The GTC Grant is Sponsored by:
Bard High School Early CollegeLocation: New York, New York
Ages of children working on the garden: 14-18
The garden was established in April of 2009.
Congratulations! Learn all about their garden program in their own words and by watching this short video!
The School Garden at Bard High School Early College (BHSEC) was established in 2009, inspired by the donation of thirty trees from MillionTreesNYC. At that time, a group of parents came together to plant the tree pits with wild flowers and herbs, and extended the growing space with dozens of pots and planters. The initial goal was to transform the large, asphalt schoolyard that borders Houston Street into a vibrant, green, and beautiful space in which students and faculty could gather, learn, explore, and play. Interest in the garden grew steadily over the next two years, as students, faculty, and staff strove to advance green initiatives on campus. In early 2011, with seed money from a generous community member, the school installed ten raised beds (providing an additional 150 square feet of growing space) and hired a part-time garden teacher. That summer, garden-based programming was offered to incoming freshmen as part of the Summer Bridge Program. In the fall of 2011 we offered an elective class, Food Systems and Politics, which alternates between lessons in the garden, cafeteria kitchen, and classroom and gives students the opportunity to learn basic gardening and cooking skills while engaging in broader conversations about nutrition, community health, the environment, and food justice.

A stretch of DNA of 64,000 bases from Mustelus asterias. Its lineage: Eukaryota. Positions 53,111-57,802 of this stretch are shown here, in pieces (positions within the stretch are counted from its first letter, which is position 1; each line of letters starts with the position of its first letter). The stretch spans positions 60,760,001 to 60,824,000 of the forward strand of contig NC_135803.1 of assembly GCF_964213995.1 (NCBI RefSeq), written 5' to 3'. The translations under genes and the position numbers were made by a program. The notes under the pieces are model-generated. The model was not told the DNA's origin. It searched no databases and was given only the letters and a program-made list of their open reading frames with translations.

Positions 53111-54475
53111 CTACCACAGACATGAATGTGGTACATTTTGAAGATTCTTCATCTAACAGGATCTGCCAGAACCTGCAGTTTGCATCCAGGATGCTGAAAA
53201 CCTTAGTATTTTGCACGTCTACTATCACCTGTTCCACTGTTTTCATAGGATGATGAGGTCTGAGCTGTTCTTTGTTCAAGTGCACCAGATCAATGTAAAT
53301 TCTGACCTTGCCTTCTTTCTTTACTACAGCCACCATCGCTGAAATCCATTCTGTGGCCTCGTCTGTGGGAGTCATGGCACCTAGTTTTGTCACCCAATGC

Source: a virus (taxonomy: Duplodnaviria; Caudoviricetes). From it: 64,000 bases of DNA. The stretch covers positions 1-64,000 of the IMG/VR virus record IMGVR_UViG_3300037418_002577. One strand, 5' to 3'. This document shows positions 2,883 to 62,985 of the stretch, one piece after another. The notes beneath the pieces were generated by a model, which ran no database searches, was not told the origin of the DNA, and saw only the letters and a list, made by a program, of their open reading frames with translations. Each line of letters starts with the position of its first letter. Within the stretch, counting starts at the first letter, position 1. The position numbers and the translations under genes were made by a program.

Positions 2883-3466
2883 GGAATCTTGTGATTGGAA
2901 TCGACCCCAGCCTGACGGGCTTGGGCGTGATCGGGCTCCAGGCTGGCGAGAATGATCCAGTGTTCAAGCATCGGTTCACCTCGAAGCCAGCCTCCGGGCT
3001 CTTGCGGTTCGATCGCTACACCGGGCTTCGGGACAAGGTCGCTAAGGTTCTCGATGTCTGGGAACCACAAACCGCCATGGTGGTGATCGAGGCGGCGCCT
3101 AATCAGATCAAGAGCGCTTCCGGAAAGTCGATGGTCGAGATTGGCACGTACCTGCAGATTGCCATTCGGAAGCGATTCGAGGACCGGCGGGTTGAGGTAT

Since its inception, the School Garden has been an enormous asset, to both BHSEC and the Lower East Side community. It serves as the primary teaching space for the Food Systems and Politics class, which is now being taught to all 10th grade students as part of their advisory unit. More importantly, the garden has become a valuable and well-used resource for faculty across departments who see it as a place in which to explore topics in math, science, art, literature, history, and more.
The School Garden, however, is more than just a learning classroom. Located within the block of asphalt that also serves as a recess yard, basketball court, and event space, the garden has become integral to the school’s culture; it serves as a beautiful oasis in which students can congregate and relax and provides fresh produce that can be served in the cafeteria thanks to the Grow to Learn Garden to School Café Program. Moreover, the garden has become a favorite spot for bigger community events, like the Lower East Side Schools Music Festival, held here in May 2011, or the now annual Harvest Day.